Kenan Heise. Chaos, Creativity, and Culture: A Sampling of Chicago in the Twentieth Century. Salt Lake City: Gibbs-Smith, 1998. 192 pp. $29.95 (cloth), ISBN 978-0-87905-054-2.
Reviewed by Tracy Poe (Program in the History of American Civilization, Harvard University)
Published on H-Review (December, 1998)
"Chaos, what is it?" Kenan Heise asks in the brief introduction to Chaos, Creativity, and Culture: A Sampling of Chicago in the Twentieth Century (p. 11). Unfortunately, the most obvious answer might be, "this book." What begins as a unique attempt to present the "stormy, husky, brawling" culture of Chicago in the twentieth century (to quote Carl Sandburg's famous poem) turns out to be a vaguely conceived "who's who" of literary, artistic, architectural, political, and polka figures devoid of context or analysis.
One gets the sense that the book is random by design. Heise and his publisher have arranged the pages in several different font styles and sizes. Graphics, photographs, sidebars and extracted quotes are used in abundance, the post-modern visual style suggesting the chaotic growth of urban culture. The chapters are loosely arranged by decade, with sub-headings on various art forms within each period, beginning with L. Frank Baum's The Wizard of Oz in a segment on literature in the 1900s and ending with a painting of Wrigley Field by Arlene Marks in the 1990s' section on contemporary art. Frequently, however, subjects appear out of chronological order: in the 1940s' chapter, several paragraphs are dedicated to Maria Callas' 1954 performance with Chicago's Lyric Opera, while a section on theater in the 1950s includes a discussion of the 1970 musical Grease (which was actually produced in New York and took place, nominally, at a fictional Chicago high school). Neither are the subject headings consistent. Each chapter does include a section on literature, but only a few mention politics. Some of the omissions are notable: in the 1940s' chapter, for example, World War II is barely mentioned, and no Chicago politicians are profiled. Several mayors are treated in various chapters, but no union or Civil Rights leaders.
It is easy, however, to find fault with what is "left out" of these kinds of books. Clearly, Heise had a lot of material to choose from. The problem isn't so much what he included and what he didn't as it is the lack of context for his choices. Most of the text consists of excerpts from primary sources about famous people who lived in or visited Chicago: a two-page quote from Richard Wright's Black Boy here (pp. 78-80), Adlai Stevenson's acceptance speech at the 1952 Democratic National Convention there (pp. 99-100), Nelson Algren's critique of Playboy magazine elsewhere (pp. 119-20). Each excerpt is introduced with a fifty- to one-hundred-and-fifty-word biographical sketch, but there is little or no analysis of the way in which it is exemplary of the chaos, creativity, and culture alluded to in the book's title and introduction. In fact, there is very little of Heise's own prose linking these subjects to one another at all, beyond somewhat vague and grandiose statements such as "Between 1900 and 1910 Chicago produced three direction-changing books in American letters" (p. 13). Changing what direction? Heise doesn't say.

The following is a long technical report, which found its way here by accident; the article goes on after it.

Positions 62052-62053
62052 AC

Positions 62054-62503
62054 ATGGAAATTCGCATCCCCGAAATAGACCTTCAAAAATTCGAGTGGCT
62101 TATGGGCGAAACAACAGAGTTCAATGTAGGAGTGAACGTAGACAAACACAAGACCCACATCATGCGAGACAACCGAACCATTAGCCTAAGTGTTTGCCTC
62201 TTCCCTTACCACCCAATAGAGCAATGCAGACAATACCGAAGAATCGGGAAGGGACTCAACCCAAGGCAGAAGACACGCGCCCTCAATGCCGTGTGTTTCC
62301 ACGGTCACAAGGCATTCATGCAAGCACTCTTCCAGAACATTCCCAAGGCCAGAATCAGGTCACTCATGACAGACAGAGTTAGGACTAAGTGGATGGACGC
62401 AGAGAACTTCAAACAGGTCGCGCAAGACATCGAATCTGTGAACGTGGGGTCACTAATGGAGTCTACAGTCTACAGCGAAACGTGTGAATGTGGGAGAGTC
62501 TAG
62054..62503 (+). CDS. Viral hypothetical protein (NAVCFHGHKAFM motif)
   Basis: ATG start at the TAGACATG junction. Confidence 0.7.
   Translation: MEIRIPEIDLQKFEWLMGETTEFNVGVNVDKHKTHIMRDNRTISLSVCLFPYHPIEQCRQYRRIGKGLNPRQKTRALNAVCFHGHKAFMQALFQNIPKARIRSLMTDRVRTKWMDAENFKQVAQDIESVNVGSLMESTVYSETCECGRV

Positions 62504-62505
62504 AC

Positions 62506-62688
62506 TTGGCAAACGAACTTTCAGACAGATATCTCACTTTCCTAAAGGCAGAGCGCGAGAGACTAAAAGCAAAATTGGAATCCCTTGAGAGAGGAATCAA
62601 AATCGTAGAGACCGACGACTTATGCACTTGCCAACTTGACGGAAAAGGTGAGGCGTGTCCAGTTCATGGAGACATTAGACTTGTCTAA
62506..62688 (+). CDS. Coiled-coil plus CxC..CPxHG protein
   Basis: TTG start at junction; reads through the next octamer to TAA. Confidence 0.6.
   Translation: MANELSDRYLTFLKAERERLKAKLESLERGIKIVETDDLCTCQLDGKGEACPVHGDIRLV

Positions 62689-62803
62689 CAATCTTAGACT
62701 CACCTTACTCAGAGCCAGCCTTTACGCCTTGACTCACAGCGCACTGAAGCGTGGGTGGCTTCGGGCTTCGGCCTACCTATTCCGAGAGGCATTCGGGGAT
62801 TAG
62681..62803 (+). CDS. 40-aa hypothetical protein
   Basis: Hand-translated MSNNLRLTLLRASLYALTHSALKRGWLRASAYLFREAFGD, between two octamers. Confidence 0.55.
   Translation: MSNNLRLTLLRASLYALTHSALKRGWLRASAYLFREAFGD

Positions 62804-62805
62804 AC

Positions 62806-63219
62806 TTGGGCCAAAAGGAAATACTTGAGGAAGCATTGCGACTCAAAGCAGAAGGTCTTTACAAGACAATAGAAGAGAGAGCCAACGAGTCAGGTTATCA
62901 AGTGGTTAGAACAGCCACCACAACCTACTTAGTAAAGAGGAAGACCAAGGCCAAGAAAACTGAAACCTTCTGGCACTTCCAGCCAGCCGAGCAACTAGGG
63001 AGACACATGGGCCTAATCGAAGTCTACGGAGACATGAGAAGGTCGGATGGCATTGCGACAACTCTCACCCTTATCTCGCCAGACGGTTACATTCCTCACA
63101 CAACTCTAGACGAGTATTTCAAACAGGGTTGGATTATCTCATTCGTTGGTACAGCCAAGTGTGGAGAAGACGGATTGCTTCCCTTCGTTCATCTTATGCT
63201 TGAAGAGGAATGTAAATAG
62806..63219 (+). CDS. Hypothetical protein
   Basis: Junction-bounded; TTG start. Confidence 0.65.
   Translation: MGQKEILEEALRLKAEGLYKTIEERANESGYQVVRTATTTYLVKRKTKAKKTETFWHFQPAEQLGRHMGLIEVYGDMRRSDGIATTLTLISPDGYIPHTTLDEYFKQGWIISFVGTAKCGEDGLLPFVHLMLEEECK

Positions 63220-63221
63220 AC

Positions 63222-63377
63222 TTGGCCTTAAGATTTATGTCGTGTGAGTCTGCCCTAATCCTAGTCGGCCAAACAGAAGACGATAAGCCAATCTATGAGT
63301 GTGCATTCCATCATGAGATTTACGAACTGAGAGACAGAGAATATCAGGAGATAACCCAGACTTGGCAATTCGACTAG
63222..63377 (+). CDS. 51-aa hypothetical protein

Furthermore, Heise leaves it up to his readers to make the connection between diverse individuals within each chapter like gangster Al Capone, jazz musician Louis Armstrong, opera singer Mary Garden, and University of Chicago President Robert Maynard Hutchins. While there no doubt is a socio-cultural context in which these historical characters bear some meaningful relationship to one another, it seems enough for Heise that they all lived in Chicago during the1920s. He rarely explains what links one person to those listed before and after, as if each lived in a social vacuum. In his Acknowledgments, Heise mentions that a friend urged him to "quash" his own writing and "Let Chicago be Chicago" (p. 10). It is a piece of advice the author perhaps took a little too literally.
The book is well-produced on fine paper, and is full of gorgeous black and white photographs and reproductions of original book jackets, art works, and architectural drawings. The lovely pages of poetry set with lots of blank space on a serene gray background are an especially nice touch. (I particularly liked the pages on Gwendolyn Brooks, with the big photograph of her smiling in front of a bookcase). The overall effect is of a coffee-table book geared towards an intellectual crowd. And indeed, that might be the best use for this book. It is full of interesting factoids and pretty pictures. It would be a nice thing to leaf through while waiting for the Thai-food delivery guy. It has too much text to be a coffee-table book, though, and too little substance to be a work of history. As a source of amusing anecdotes for the Chicago history buff, it is an enjoyable, if incoherent, trifle. But as a contribution to serious literature on Chicago culture in the twentieth century or to urban history generally, it can't be recommended.
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Tracy Poe. Review of Heise, Kenan, Chaos, Creativity, and Culture: A Sampling of Chicago in the Twentieth Century.
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